We want to skip grieving what we didn’t get, what we should have gotten while we were six or seven or eight. There’s grief work to be done there. That’s a hard thing to build a grate around, but it is the work that truly gets us to the place we want to be. I’m not saying that I’m against Pride Week or I’m against any other celebration. I’m just saying that there needs to be more organizations like yours doing the work that bridges ‘self-identifying’ to ‘pride’ in a homophobic and heterosexist culture, which is what we still live in.

Yeah, things are going our way legally, that’s great. Things are going our way in the US too. It’s getting better and better. But it doesn’t change the fact that if you go to the movies and you’re holding hands, you could invite disastrous violence. While if I go to the movies with my husband holding hands, people choose to wink or nod, like, “How sweet.” My fear is that as things start to go our way and legislation becomes more equitable and more humanized, I think there will be a backlash. We’ve seen with every movement that, as the world changes, there is no one more dangerous than people who stay in fear. I think there is just a lot of work to be done. I don’t think you can skip over the six or seven or eight-year-old who still has some grieving to do. Even though you’re an adult with an intellectual awareness, that doesn’t heal that six or seven or eight-year-old. Does that make sense?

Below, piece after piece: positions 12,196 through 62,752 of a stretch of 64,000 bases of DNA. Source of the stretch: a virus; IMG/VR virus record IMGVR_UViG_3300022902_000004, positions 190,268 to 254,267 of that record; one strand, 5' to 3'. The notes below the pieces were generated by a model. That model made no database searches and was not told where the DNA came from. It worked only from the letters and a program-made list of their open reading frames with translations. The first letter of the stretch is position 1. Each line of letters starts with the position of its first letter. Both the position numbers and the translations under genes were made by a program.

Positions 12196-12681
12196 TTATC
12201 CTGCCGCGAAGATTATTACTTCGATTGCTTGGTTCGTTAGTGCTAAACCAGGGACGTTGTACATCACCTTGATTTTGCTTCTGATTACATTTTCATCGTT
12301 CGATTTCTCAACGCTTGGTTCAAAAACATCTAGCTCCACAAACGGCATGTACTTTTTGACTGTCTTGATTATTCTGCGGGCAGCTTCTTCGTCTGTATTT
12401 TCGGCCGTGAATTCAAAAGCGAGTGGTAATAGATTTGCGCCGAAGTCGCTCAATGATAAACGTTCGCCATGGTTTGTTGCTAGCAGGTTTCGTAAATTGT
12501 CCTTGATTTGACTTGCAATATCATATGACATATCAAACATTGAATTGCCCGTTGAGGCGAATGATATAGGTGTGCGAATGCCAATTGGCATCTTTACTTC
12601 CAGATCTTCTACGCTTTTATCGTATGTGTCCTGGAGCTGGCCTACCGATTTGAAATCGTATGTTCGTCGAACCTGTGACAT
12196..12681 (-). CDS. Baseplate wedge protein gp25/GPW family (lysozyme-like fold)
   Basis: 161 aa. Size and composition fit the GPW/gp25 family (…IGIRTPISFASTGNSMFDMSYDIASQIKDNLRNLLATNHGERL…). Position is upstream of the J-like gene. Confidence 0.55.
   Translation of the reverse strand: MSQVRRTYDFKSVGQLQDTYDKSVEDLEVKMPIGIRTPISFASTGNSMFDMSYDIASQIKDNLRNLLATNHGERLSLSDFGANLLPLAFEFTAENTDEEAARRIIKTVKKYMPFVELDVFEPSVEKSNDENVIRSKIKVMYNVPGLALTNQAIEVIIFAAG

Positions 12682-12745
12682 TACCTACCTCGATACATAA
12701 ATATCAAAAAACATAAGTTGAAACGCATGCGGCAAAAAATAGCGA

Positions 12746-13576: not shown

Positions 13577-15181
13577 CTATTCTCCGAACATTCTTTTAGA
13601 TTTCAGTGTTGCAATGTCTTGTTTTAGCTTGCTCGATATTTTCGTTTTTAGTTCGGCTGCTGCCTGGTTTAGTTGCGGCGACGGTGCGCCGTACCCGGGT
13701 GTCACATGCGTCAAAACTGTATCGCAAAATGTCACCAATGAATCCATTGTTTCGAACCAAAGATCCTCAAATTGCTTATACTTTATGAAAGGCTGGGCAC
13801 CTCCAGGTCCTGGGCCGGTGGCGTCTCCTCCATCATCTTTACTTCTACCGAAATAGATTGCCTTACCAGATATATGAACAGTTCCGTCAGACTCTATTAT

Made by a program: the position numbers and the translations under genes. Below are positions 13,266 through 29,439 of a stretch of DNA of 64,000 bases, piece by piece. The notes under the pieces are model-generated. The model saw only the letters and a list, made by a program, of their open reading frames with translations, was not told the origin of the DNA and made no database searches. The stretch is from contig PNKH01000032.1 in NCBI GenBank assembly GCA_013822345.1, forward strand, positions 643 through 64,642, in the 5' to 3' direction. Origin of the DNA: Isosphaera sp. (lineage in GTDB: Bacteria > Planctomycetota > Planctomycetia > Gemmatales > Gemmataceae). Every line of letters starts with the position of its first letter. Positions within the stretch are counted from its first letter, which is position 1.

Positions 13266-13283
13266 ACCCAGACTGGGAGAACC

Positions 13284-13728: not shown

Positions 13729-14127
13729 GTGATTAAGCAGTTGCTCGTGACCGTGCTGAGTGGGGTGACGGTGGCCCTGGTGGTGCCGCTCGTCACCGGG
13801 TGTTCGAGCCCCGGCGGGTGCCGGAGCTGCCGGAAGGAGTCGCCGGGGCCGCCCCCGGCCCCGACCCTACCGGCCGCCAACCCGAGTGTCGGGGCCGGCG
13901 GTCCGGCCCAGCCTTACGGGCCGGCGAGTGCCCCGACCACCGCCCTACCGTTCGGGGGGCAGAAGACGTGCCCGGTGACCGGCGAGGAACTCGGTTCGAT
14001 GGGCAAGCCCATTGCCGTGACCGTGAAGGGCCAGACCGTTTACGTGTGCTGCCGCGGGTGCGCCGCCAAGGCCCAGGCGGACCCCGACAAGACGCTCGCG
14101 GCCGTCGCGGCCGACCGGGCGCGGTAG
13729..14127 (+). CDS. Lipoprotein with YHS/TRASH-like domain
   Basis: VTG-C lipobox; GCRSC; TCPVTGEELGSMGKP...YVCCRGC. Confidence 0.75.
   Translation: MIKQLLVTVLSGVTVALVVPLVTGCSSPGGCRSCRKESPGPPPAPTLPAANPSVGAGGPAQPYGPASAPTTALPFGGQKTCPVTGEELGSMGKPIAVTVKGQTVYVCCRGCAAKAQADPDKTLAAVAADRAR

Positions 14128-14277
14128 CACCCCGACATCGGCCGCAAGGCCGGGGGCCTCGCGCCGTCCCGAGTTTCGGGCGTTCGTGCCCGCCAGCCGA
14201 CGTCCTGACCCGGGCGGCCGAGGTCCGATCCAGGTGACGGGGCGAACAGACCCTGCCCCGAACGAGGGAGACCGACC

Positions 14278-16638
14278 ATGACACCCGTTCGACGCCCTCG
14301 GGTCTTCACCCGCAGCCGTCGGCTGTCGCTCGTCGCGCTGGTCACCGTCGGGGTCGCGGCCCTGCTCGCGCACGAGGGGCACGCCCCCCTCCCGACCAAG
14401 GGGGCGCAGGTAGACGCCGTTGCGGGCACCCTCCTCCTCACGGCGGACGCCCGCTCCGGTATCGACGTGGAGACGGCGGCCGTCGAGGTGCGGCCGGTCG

Darren: Yeah, absolutely, yeah.

Brene Interview - 2Adé, Darren, Brené & Ernesto